Warning: Spoilers Ahead
"Game of Thrones" aired its series finale on Sunday and fans definitely had some thoughts, to put it lightly. Decisions like making Bran Stark the new King of the (now) Six Kingdoms drew lots of criticism, enough that fans were rallying around unsubscribing from HBO.
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But now, the author of the "A Song of Ice and Fire" books, George R.R. Martin, has shared his thoughts on the adaptation of his books ending.
"The years have gone past in the blink of an eye," Martin wrote yesterday in a post on his blog. "Can it really have been more than a decade since my manager Vince Gerardis set up a meeting at the Palm in L.A., and I sat down for the first time with David Benioff and D.B. Weiss for a lunch that lasted well past dinner?"
He also give some hints (sort of) as to how his ending will play out, while acknowledging that the final two books in the series, "The Winds of Winter" and "A Dream of Spring," are "very late."
"How will it all end? I hear people asking. The same ending as the show? Different? Well... yes. And no. And yes. And no. And yes. And no. And yes," Martin wrote. "I am working in a very different medium than (David Benioff and D.B. Weiss), never forget. They had six hours for this final season. I expect these last two books of mine will fill 3,000 manuscript pages between them before I’m done… And if more pages and chapters and scenes are needed, I’ll add them."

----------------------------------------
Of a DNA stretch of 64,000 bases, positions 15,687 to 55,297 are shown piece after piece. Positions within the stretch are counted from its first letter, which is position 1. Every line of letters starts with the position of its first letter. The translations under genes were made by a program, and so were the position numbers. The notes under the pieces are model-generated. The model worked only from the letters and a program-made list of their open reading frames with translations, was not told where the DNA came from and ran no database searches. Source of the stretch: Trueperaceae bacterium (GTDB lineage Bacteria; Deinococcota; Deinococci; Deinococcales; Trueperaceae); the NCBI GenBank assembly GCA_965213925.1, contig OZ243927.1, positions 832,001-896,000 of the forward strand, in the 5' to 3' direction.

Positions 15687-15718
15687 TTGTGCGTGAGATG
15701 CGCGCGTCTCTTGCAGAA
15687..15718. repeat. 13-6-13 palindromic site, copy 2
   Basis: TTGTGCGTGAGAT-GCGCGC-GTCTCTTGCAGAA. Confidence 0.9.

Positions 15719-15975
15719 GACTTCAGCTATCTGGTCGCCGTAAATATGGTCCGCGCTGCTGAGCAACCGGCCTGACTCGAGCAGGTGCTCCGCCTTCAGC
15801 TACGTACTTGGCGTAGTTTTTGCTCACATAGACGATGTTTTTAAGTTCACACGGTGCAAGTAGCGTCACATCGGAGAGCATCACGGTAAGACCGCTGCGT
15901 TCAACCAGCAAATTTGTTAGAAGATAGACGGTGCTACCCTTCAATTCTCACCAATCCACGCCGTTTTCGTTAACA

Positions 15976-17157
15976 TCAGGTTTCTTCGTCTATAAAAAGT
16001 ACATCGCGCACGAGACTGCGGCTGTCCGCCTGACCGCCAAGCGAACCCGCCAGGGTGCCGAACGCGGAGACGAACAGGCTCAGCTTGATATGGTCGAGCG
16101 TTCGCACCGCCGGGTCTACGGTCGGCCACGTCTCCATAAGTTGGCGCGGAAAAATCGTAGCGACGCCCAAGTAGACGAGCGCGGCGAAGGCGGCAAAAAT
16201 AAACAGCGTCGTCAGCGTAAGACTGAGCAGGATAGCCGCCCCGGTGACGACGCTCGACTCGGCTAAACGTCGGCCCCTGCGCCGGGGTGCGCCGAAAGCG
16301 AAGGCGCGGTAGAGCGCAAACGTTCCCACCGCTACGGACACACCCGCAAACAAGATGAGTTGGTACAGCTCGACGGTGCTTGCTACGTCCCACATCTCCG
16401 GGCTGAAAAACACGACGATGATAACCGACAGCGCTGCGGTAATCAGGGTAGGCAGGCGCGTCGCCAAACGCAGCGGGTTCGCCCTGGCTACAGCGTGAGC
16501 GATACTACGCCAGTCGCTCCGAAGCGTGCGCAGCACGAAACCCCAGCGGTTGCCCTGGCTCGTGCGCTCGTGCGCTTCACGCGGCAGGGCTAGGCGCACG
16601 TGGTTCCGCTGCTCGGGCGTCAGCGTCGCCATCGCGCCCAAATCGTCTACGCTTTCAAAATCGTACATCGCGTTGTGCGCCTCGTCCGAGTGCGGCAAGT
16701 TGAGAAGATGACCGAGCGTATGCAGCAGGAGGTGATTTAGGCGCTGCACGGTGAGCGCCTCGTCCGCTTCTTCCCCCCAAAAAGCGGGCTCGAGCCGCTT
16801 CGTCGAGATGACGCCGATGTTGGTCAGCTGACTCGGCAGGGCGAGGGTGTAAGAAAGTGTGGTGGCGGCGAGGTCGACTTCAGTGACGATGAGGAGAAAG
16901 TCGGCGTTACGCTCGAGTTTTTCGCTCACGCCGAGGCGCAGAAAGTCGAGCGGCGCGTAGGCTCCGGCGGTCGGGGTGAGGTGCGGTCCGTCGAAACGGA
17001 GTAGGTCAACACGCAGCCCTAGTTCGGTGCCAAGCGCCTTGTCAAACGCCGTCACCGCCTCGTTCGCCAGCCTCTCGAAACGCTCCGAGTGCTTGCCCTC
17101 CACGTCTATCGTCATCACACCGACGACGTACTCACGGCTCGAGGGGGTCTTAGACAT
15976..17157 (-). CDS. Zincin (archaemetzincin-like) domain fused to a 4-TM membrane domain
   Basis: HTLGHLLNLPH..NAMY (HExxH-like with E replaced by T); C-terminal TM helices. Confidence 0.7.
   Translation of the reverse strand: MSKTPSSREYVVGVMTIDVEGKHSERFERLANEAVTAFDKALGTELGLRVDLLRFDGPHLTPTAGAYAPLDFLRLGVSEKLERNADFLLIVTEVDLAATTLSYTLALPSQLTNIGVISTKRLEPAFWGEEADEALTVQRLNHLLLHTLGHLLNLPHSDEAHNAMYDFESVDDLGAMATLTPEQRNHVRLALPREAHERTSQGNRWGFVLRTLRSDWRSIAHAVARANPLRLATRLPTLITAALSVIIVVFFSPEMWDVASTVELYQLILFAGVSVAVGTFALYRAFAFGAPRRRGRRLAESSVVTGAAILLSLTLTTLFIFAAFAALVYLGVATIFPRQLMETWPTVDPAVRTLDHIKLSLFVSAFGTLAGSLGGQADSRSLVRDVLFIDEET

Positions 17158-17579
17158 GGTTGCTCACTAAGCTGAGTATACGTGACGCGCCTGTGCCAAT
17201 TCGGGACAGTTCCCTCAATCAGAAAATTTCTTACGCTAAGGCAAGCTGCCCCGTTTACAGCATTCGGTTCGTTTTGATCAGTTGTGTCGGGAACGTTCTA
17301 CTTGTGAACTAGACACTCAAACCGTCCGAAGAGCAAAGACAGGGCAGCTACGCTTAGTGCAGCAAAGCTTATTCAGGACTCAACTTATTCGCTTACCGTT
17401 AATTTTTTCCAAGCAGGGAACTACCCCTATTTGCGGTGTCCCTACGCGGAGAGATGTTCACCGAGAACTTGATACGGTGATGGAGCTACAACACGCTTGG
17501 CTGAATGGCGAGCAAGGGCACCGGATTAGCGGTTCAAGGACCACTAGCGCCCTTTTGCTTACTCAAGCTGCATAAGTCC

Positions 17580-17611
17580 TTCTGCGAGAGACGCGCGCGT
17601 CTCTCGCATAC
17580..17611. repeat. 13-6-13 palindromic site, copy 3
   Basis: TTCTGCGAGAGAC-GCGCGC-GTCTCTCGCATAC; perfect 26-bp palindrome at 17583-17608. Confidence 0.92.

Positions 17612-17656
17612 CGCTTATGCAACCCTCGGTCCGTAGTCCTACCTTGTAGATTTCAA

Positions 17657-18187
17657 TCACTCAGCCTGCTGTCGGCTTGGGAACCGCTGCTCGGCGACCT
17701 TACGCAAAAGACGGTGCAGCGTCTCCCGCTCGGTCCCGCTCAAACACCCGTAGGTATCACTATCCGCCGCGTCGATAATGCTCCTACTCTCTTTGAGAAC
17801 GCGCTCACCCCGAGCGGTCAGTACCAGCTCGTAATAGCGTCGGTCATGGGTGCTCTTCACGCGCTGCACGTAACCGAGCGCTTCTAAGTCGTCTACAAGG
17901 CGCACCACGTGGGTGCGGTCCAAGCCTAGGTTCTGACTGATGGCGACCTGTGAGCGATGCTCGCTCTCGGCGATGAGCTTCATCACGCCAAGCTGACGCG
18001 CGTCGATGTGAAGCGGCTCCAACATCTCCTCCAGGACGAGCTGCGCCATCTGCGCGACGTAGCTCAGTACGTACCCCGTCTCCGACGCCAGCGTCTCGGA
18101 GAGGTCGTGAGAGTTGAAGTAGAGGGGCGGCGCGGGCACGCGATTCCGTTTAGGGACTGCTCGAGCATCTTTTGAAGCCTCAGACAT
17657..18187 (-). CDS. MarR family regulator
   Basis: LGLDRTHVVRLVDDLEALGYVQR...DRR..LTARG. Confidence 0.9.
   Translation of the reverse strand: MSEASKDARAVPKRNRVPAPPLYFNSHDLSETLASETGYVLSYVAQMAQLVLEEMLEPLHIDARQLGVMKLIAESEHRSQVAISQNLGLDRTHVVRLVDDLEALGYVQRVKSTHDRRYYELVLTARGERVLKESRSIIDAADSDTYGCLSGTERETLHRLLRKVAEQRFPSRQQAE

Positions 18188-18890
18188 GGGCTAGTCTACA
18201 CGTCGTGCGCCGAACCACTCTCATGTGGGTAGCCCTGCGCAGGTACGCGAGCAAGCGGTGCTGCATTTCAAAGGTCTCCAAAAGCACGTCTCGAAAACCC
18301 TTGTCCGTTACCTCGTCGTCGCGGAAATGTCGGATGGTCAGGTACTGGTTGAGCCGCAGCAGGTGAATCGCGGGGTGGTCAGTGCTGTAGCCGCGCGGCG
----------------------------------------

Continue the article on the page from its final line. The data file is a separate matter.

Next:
Martin also offered some hope for those that might be unhappy with a character's death or those disappointed about a favorite book character not making it to the small screen.
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"There are characters who never made it onto the screen at all, and others who died in the show but still live in the books," Martin continued in his blog. "So if nothing else, the readers will learn what happened to Jeyne Poole, Lady Stoneheart, Penny and her pig, Skahaz Shavepate, Arianne Martell, Darkstar, Victarion Greyjoy, Ser Garlan the Gallant, Aegon VI, and a myriad of other characters both great and small that viewers of the show never had the chance to meet."
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To end his blog, Martin refused to pick one as the "real ending" to the series — he wants viewers and readers to decide themselves.
"How about this? I’ll write it. You read it," Martin wrote. "Then everyone can make up their own mind, and argue about it on the internet."
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